Wallace Nutting (1861-1941) is probably best known to the general collecting public for the millions of hand-colored platinotype pictures he sold during the early 20th century. Nutting was also a widely published author, authoring nearly 20 books between 1918 and 1936. His widely renown 10 volume States Beautiful series was surpassed in public recognition by the books that he wrote on his true passion…Early American Antiques. It was the search for attractive and authentic backgrounds for his popular colonial Interior scenes that first started Nutting in his quest for antiques. Over a 16 year period, Nutting published some of the best books ever written on early American Antiques, including American Windsors (1917, the first definitive book ever written on the American Windsor form); Furniture of the Pilgrim Century (1921; revised and enlarged in 1924); The Clock Book (1924), and his most famous book of all…Furniture Treasury (Volumes I & II: 1928; Volume 3: 1933) which was so highly regarded that it can still be purchased in bookstores today.
It was Nutting’s love of antiques that led to his least profitable, but perhaps most important business venture of all: Reproduction Antique Furniture. Even as early as 1915 when many people were just beginning to actively collect American antiques, the finest examples were frequently unobtainable, having already been gathered by wealthy individuals, private collections, or public museums. He was quick to recognize that if he was having difficulty locating certain forms of furniture, so too were other collectors. Many could not afford the finest examples and quite often, those that could afford them simply could not find them. So Nutting decided to reproduce them himself. This article will introduce you to Wallace Nutting’s Reproduction Furniture.
Beginning in 1918, just one year after he published American Windsors, Nutting began reproducing Windsor Chairs. Not a craftsman himself, Nutting had his most talented employees take the original chairs apart very carefully and measure each leg, stretcher, spindle, and seat. They would analyze its special features and then reproduce each piece line-for-line, turning-for-turning. Nutting would always try to locate what he felt were the best examples of any form…having the correct height, proportion, shape, and appeal…and combine them into the perfect piece.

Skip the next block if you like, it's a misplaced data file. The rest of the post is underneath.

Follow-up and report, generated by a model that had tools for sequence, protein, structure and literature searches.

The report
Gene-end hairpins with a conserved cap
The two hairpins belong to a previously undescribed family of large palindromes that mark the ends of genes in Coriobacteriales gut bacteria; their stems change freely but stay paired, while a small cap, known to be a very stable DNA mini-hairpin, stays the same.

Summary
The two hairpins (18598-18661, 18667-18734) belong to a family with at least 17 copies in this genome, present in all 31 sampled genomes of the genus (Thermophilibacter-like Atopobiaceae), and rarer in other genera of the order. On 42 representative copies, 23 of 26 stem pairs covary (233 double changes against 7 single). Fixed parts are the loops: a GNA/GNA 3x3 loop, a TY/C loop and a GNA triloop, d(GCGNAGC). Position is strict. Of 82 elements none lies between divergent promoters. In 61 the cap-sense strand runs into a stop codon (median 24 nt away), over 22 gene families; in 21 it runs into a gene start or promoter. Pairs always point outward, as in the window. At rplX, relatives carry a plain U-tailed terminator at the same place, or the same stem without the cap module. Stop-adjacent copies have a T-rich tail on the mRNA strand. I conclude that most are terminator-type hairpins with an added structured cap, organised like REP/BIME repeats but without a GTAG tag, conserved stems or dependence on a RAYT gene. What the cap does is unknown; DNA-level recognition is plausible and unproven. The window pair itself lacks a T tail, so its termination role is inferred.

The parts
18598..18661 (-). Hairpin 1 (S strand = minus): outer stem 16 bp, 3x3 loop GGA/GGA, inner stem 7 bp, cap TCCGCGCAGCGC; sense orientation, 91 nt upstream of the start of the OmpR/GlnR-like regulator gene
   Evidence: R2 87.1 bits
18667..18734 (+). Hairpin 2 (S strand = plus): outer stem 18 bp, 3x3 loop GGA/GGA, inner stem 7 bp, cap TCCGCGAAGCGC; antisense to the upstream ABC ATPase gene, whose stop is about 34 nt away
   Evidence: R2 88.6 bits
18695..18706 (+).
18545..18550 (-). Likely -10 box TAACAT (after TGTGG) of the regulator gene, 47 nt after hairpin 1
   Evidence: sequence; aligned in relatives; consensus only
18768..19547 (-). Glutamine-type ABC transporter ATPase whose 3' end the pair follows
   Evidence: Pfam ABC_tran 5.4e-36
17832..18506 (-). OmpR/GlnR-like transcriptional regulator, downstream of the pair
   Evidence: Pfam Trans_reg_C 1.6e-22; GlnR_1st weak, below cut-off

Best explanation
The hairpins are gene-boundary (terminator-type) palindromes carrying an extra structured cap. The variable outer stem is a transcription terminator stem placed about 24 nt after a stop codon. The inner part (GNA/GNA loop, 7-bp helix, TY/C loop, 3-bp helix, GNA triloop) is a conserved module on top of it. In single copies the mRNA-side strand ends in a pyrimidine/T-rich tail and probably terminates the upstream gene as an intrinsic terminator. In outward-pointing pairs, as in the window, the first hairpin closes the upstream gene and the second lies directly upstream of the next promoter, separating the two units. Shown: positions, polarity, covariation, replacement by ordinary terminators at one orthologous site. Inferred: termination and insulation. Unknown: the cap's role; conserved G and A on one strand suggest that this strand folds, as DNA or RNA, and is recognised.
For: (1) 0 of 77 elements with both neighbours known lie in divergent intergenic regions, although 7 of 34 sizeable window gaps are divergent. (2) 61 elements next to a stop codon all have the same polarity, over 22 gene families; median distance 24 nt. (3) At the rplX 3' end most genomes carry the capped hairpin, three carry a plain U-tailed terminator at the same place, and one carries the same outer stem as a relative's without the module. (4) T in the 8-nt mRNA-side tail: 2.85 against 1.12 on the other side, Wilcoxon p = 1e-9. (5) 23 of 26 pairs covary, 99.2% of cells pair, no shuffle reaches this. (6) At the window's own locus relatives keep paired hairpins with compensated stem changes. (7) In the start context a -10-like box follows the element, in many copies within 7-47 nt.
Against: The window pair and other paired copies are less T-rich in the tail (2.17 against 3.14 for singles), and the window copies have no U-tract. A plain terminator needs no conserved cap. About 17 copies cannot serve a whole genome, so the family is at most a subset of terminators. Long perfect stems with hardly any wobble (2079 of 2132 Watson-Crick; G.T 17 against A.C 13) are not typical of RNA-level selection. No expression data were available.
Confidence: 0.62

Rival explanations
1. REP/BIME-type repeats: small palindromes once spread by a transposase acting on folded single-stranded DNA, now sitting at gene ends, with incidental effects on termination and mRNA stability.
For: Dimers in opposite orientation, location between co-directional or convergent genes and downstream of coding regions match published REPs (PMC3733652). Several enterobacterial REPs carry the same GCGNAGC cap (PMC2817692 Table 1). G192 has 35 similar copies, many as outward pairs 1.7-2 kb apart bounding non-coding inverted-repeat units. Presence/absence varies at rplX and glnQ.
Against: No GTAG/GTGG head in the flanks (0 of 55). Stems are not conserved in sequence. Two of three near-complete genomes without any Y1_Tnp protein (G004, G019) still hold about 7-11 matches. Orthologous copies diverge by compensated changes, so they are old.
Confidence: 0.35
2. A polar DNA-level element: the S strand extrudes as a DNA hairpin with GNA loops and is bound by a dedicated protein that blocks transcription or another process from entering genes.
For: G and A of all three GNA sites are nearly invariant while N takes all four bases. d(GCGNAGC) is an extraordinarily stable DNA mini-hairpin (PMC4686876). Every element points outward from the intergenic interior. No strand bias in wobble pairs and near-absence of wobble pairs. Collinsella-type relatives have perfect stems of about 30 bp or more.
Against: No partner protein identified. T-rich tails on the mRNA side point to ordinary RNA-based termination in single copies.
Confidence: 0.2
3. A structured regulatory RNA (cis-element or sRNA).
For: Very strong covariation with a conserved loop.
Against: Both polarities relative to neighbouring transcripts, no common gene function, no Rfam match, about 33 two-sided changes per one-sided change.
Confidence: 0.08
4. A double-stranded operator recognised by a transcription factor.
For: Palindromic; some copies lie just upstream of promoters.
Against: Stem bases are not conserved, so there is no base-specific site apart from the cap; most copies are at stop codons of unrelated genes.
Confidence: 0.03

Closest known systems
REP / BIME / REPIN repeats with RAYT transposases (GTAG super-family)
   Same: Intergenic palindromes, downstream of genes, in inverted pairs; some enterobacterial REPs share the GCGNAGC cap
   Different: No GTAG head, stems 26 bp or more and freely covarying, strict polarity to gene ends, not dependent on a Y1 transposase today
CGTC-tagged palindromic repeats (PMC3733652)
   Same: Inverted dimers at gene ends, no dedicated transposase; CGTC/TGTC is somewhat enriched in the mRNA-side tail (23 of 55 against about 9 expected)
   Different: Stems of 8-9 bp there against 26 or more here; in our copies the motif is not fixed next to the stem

Although others were reproducing colonial American furniture during this period, Nutting sought to be the very best. He expended a great amount of time, energy, and money trying to have his reproductions resemble the original as closely as possible. His Furniture Shop used only the best woods available (e.g., his mahogany was imported from the Caribbean), where possible, all work was done by hand (“If the work can be done better by hand, do it that way…If the old method is best, use it“), and his pieces were hand-finished not once, but 5-7 times. Most furniture was finished in a light maple or darker mahogany natural-wood color. Some colored paint washes in black, red, yellow, and green were also available, but rarely used, as few such surviving examples are known today.
The earliest Nutting Furniture from 1918-1922 was marked with a Paper Label (These labels were around 6″w x 4″h, so you won’t miss them) which clearly identified the piece as an original Wallace Nutting reproduction (and also served as a form of advertising for his furniture business). These Paper Labels was quite large in size (4″x6″) and were placed in an out-of-sight, yet still easy-to-find location (underside of a Windsor seat; inside of a drawer, or back of a case piece). Nutting’s reproductions were considered so good that a few unscrupulous individuals were known to remove the Nutting Paper Label, loan the item to a family having many children (to accelerate the aging process), and then sell the reproduction as an original antique. And they usually got away with it. A piece of Nutting furniture was reportedly quietly removed from an exhibition at Winterthur after being identified as a Nutting reproduction.